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Months, Seasons, and Names - Office of Naval Contemplation

Jan. 6th, 2012

12:58 pm - Months, Seasons, and Names

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The other day, I posted some vague musings on G+ on the haphazard appropriation of month and season names as personal names. In the names of Science!, I've decided to do some actual data analysis rather than just going off of anecdotal impressions and recollections. I'm looking at the Census names files (a compilation of the frequency of each personal name that shows up in at least 0.001% of the sample for each gender in the 1990 Census post-enumeration survey) and extrapolating the total number of people with each name in the US, based on the most recent Census bureau estimate of 148.5 million men and 152.9 million women total, and rounded to the nearest 500 to avoid implying too much false precision (the precision of my data is 0.001% of the sample, or about 1500).

NameMenWomen
Winter01,500
Spring03,000
Summer026,000
Autumn026,000
Fall00
January01500
February00
March00
April0235,500
May044,500
June0191,000
July00
August22,000 (*)0 (**)
September01,500
October00
November00
December00
Sunday01,500
Monday00
Tuesday00
Wednesday00
Thursday00
Friday00
Saturday00

(*) Plus 10,500 men named Augustine and 7,500 men named Augustus.
(**) But there's 15,000 women named Augusta, 4,500 named Augustina, and 3,000 named Augustine.

There's no doubt other variants (especially if you count "Julie" or "Julius" as variants of "July"), but for simplicity and objectivity I only counted obvious variants that turned up in a string search for the primary form.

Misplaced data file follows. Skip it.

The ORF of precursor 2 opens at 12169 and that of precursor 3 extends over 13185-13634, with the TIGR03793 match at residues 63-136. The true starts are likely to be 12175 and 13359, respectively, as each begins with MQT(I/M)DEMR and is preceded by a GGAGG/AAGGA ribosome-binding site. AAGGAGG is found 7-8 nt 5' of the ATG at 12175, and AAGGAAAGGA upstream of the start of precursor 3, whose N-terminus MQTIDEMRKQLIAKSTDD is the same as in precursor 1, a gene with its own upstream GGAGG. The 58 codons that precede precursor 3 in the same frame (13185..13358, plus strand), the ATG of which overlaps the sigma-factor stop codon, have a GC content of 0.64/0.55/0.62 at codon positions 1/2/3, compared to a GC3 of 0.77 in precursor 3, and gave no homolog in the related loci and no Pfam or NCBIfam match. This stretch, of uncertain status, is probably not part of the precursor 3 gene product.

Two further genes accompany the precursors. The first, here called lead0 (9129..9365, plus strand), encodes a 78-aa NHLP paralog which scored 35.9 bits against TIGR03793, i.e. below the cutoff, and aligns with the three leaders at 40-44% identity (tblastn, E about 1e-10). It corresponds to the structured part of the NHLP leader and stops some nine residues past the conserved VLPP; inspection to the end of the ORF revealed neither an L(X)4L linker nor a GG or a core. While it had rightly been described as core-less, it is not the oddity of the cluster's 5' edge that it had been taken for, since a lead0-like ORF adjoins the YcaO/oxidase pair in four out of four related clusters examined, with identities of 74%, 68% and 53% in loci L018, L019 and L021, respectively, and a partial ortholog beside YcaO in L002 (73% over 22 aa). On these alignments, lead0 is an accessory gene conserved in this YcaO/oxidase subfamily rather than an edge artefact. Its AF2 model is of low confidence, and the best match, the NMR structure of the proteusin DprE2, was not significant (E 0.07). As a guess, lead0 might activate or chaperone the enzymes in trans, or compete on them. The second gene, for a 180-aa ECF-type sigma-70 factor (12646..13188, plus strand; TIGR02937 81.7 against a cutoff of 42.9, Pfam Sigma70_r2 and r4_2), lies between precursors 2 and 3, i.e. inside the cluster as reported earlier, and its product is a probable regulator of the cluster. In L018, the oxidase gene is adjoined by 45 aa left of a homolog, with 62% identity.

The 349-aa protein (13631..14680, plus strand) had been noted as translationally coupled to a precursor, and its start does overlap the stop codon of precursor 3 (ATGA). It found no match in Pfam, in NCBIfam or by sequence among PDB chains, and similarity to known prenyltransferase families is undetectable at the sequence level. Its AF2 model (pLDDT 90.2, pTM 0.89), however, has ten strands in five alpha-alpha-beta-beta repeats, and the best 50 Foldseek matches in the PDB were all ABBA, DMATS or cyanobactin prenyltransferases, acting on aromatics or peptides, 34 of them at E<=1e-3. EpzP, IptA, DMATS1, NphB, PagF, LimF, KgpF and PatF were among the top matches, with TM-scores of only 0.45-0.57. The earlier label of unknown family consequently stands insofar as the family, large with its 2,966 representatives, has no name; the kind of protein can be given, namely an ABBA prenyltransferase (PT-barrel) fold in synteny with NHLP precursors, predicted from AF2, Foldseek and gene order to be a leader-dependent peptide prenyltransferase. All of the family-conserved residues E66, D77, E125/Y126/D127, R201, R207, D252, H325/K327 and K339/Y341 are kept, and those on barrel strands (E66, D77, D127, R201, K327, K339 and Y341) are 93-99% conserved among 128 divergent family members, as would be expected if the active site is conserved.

For comparison, the 10th most common male name was "Thomas", with an estimated male population of 2,050,000 and an estimated female population of 4,500, and the 10th most common female name was "Dorothy", with an estimated female population of 1,112,000 and an estimated male population of 0.

Comments:

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From:maniakes
Date:January 6th, 2012 10:19 pm (UTC)
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Caveats:
- "0" values are approximate, since unique or extremely rare names either wouldn't show up in the sample or would get elided in the Census Bureau's analysis process as being below the reporting threshold.

- The names file was a secondary collection of information from the PES, and its sample is skewed somewhat by the primary purpose of the PES: the PES was primarily intended to estimate the number of people missed by the full official census tally, and it deliberately over-sampled minority communities (especially blacks and hispanics) because those were the communities they were most concerned about being undercounted. Thus, the ethnic/cultural demographics of the raw PES sample aren't quite representative of the overall US population, and there was no attempt to correct the names files for the demographic skew.

- The data was collected in 1990, making it nearly 22 years out of date. Sadly, this is the most recent data set available.
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From:mor_riogain
Date:January 9th, 2012 09:07 am (UTC)
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That's actually pretty damned cool!
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From:squid314
Date:January 17th, 2012 05:28 pm (UTC)
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Very interesting indeed. I also feel I should add that a friend of a friend named her daughter Wednesday.
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From:maniakes
Date:January 17th, 2012 06:02 pm (UTC)
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The lack of Wednesdays in the sample surprised me a bit. I would have expected at least a few, due to people naming daughters after Wednesday Friday Addams.
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From:maniakes
Date:January 17th, 2012 06:04 pm (UTC)
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Although now that I think to check, Pugsley, Morticia, Fester, Lurch, and even Gomez seem to all be absent from the sample.
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